Health Policy Made Personal

Strange CatAlan and his wife Sala were through Portland recently. It was a too-brief visit, but was a chance to gather a few thoughts about this film. There are myriad stories to be told about Alan, many good possibilities for a movie. I think bits and pieces of all these themes will make it into the film, but we’ll need a much clearer focus to move ahead. And I think I am beginning to settle on one direction. Finally.

Alan Steinbach has straddled the divide between personal and policy, individual and population, humanistic and scientific. He is at once intuitive and analytic, marrying these seemingly opposed world views. This is alot of what makes him unique and special – and it is a major clue to how we’ll structure What’s Inside, Professor?

One of the dimensions here is very pragmatic: what will make this a film that we can sell. Not for profits (although the wherewithal to continue making movies is on the list of goods, to use the philosophy term). But to complete a documentary will be expensive. Casual Dog Productions can shoot and edit, even without money to hire a DP, a location sound mixer, an editor… But completing a polished documentary will entail clearances for music and stock footage, an on-line session, and so on. And, more to the point, a film that nobody sees isn’t much. A home movie. We aren’t out to make experimental or avant garde work here – we want an audience!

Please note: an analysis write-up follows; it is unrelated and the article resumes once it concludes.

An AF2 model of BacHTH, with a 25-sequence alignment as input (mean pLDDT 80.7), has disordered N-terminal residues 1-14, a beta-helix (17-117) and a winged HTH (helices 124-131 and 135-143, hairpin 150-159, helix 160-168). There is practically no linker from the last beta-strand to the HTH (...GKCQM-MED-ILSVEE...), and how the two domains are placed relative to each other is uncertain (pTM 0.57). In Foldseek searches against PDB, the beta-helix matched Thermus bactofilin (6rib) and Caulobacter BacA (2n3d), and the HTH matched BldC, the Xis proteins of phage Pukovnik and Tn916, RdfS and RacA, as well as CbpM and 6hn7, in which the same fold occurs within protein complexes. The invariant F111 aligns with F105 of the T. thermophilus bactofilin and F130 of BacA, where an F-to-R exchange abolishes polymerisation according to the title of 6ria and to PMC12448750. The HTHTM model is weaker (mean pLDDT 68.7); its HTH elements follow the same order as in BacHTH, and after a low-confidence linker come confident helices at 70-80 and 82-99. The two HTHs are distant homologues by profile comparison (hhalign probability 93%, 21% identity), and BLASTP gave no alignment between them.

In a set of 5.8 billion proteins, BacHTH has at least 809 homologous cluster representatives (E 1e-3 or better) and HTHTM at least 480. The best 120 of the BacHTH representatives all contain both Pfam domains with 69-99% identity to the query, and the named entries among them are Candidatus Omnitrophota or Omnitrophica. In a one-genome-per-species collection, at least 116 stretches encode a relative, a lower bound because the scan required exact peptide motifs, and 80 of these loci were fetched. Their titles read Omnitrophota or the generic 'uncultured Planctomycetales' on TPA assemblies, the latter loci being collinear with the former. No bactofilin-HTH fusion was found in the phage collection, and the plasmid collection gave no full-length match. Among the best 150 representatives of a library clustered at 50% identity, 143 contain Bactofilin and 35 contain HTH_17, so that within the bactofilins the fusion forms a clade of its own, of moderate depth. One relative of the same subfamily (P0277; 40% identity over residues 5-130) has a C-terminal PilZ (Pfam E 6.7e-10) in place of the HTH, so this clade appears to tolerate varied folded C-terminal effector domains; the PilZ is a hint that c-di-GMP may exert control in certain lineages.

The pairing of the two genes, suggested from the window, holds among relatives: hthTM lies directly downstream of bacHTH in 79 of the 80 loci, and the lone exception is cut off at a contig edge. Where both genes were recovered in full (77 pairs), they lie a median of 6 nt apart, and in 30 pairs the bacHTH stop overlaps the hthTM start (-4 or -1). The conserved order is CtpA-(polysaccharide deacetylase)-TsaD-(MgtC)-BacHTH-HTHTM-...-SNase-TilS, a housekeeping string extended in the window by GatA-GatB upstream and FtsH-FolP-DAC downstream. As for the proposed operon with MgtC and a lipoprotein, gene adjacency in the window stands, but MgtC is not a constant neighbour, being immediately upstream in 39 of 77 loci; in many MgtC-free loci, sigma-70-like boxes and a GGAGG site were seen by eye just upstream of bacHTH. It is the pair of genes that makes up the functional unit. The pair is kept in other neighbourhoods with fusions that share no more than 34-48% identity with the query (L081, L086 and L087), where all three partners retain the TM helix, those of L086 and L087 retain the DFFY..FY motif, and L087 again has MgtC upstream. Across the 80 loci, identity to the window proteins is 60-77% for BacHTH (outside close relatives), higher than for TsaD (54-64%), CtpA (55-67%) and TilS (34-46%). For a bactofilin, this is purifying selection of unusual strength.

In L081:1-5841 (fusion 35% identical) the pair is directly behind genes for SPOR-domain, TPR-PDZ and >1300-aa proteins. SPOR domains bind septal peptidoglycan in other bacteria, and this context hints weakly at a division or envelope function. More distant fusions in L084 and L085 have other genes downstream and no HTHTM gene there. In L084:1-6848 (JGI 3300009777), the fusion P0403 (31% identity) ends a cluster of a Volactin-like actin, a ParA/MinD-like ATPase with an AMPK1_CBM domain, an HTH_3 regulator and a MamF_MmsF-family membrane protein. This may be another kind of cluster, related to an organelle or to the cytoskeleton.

So what is relevant and interesting for a national (or even international) audience? Here is what I am thinking:

  • The United States is unique among Western democracies in that we don’t have health care for all.
  • Managed Care and related pressures have had a huge negative impact on the practice of health care, forcing shorter and shorter visits and disrupting the Marcus Welby-like personal dimension of the health care provider/patient relationship.
  • There has been a fair amount of media coverage of our health care crisis – both from a policy standpoint and from the vantage of individual patients’ stories. But much less from the individual practitioner’s point of view.
  • Alan Steinbach has lived a fascinating journey between the straight world and ’60s counterculture.
  • Alan, by all accounts, has forged through the juncture between macro- and micro-influences on health care, maintaining the most doctorly of practice styles.

Well, more at a later date!

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